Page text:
An allogeneic human mesenchymal stem cell (hMSC) product (Prochymal®) is being developed by Osiris Therapeutics (Baltimore, MD) for treatment of acute myocardial infarction (AMI). Prochymal® (also referred to as Provacel®) is a highly purified preparation of ex vivo cultured adult hMSCs isolated from the bone marrow of healthy young adult donors. Prochymal® has been granted “fast track” status by the FDA for Crohn disease and graft-versus-host disease (GVHD), and has orphan drug status for GVHD from FDA and the European Medicines Agency. Prochymal® is being studied in phase 2 trials for the treatment of AMI, pulmonary disease, and type 1 diabetes.
MultiStem® (Athersys) is an allogeneic bone marrow-derived adherent adult stem-cell product. MultiStem® has received orphan drug status from FDA for GVHD and has received authorization from FDA for a phase 2 trial for treatment of AMI with an adventitial delivery system.
POLICYProgenitor cell therapy, including but not limited to skeletal myoblasts or hematopoietic stem cells, is considered investigational as a treatment of damaged myocardium.
Infusion of growth factors (i.e., granulocyte colony stimulating factor [GCSF]) is considered investigational as a technique to increase the numbers of circulating hematopoietic stem cells as treatment of damaged myocardium.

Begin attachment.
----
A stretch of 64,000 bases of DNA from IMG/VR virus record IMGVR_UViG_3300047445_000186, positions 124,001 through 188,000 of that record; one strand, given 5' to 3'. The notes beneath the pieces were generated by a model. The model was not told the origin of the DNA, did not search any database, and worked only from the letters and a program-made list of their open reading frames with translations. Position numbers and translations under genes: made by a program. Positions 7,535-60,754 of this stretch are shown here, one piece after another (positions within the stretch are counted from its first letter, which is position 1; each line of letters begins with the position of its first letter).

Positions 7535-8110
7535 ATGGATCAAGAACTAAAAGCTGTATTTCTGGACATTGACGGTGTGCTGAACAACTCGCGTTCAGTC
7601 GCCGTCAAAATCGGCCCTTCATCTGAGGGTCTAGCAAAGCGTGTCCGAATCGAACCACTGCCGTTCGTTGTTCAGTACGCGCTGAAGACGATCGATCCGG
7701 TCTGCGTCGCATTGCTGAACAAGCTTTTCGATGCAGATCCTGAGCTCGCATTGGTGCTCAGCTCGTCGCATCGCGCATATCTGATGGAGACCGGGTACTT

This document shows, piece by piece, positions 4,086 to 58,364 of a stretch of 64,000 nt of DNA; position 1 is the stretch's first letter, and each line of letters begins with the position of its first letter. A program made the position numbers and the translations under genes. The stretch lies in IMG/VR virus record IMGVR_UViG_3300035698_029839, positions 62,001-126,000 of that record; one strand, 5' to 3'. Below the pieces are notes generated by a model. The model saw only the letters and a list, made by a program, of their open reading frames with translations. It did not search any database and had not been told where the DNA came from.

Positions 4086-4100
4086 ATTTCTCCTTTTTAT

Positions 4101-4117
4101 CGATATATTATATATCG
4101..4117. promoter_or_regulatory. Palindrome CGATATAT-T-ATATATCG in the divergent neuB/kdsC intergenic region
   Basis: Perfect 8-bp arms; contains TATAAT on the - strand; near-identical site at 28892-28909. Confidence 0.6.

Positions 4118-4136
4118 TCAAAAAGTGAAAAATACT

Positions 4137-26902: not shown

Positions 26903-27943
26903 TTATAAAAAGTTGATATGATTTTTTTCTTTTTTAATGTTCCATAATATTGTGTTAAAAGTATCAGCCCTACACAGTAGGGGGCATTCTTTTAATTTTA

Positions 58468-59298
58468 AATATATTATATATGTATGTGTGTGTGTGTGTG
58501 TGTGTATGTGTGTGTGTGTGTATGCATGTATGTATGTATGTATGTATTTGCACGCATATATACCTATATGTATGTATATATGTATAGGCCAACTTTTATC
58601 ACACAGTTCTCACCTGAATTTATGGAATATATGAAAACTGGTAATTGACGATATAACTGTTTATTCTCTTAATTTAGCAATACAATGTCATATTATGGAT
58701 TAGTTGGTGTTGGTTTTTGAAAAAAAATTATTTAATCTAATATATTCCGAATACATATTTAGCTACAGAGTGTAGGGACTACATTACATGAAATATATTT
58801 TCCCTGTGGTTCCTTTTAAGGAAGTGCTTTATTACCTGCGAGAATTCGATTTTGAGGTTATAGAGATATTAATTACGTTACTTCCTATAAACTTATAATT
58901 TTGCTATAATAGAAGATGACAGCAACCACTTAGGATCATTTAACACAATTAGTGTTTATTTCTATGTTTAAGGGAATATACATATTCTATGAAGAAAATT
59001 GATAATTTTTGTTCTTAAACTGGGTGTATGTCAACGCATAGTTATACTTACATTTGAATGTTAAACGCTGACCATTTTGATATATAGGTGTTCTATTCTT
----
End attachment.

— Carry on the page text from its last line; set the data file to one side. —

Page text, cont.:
POLICY GUIDELINESInvestigative is defined as the use of any treatment procedure, facility, equipment, drug, device, or supply not yet recognized as a generally accepted standard of good medical practice for the treatment of the condition being treated and; therefore, is not considered medically necessary. For the definition of Investigative, “generally accepted standards of medical practice” means standards that are based on credible scientific evidence published in peer-reviewed medical literature generally recognized by the relevant medical community, and physician specialty society recommendations, and the views of medical practitioners practicing in relevant clinical areas and any other relevant factors. In order for equipment, devices, drugs or supplies [i.e, technologies], to be considered not investigative, the technology must have final approval from the appropriate governmental bodies, and scientific evidence must permit conclusions concerning the effect of the technology on health outcomes, and the technology must improve the net health outcome, and the technology must be as beneficial as any established alternative and the improvement must be attainable outside the testing/investigational setting.